Multi-threading is Simple
A friend asked me to do a post on distributed/parallel computing. Covering everything would be a bit much for one post, so I’d first like to address one of my biggest beefs related to multi-threading.
Specifically, many people have this bizarre assumption that multi-threading is difficult, perpetuated for no apparent reason by a few people who are evidently either too stubborn or too stupid to think and program at the same time (e.g. Joel Spolsky, the makers of SQLite). I hope to show in this post that there’s very little excuse for not multi-threading, since you can do a half-decent job of it with one remarkably simple, general structure and almost no effort.
“Threads are evil. Avoid them.” –The SQLite FAQ
Multi-threading at its core is simple in concept and practice; people just never get a good explanation of how simple it can be, so understandably, they’ll tend to be mystified by it. Perhaps the simplest way to view parallelism is on a dependency graph. The following is an example of a dependency graph for a set of tasks to be done when planning a wedding:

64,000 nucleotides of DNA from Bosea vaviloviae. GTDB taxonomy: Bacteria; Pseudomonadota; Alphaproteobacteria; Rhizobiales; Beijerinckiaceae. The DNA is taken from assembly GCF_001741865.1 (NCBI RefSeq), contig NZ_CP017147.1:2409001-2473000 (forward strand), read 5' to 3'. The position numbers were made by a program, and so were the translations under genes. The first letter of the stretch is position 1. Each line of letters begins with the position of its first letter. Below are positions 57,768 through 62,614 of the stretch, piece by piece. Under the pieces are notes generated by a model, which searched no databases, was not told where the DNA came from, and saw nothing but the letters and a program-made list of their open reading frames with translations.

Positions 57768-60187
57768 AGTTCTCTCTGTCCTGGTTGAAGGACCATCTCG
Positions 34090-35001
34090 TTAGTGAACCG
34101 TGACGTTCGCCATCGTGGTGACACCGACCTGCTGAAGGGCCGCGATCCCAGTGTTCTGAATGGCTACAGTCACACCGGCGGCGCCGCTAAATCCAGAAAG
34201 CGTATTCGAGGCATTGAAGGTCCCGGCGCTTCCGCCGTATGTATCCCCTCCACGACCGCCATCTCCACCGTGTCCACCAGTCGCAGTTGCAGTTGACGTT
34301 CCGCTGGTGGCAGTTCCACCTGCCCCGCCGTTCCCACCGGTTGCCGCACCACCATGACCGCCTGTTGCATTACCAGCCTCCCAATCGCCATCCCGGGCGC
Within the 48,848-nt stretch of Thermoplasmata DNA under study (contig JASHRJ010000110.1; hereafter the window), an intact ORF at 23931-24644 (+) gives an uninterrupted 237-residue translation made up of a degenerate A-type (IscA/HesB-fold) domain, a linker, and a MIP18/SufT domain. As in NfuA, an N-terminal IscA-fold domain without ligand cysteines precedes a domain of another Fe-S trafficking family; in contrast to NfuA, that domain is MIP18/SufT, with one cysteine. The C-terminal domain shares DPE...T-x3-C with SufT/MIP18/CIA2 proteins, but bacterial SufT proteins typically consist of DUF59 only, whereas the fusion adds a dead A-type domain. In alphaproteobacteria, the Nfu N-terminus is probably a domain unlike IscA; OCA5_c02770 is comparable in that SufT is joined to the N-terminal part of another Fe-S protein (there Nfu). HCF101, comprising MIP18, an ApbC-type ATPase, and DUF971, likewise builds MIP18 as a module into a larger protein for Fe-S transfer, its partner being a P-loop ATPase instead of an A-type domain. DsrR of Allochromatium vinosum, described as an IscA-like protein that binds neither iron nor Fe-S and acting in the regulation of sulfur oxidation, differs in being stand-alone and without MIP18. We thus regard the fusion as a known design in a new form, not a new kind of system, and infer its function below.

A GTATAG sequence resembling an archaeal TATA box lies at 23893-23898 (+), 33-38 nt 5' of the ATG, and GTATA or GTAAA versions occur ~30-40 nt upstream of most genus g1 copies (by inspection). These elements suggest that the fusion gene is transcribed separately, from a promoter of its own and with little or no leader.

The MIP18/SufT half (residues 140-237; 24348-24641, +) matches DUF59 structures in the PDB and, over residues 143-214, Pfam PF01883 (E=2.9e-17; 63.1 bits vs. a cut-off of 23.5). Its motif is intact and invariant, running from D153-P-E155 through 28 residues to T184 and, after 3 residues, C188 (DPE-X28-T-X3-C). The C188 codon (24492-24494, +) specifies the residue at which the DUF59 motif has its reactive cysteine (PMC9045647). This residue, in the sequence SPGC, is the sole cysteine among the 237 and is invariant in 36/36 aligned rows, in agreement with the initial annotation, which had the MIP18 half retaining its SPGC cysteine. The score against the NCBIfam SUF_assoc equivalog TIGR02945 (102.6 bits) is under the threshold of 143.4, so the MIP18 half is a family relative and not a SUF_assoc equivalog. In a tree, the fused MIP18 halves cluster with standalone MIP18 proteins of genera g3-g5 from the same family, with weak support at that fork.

You can’t print invitations (task E) before you know the date (task C), otherwise the invitations might have the wrong date on them. In other words, E depends on C. Tasks that depend on each other can’t be run at the same time, because one must be done before the other. However, tasks A, D, and G (in red) do not depend on each other, they are independent, so those 3 tasks could be done by different people at the same time, possibly saving time overall. The following is one way that these tasks could be parallelized with 3 people/threads:
At all points in time, all tasks running at the same time must be independent. Notice that when task C finishes, there is nothing ready to be run yet, so that thread can’t do anything until B finishes, when both G and D can be started. This happens to be an optimal parallelization of these tasks, but supposing we only had 2 threads, here are 2 different parallelizations, one of which is not optimal: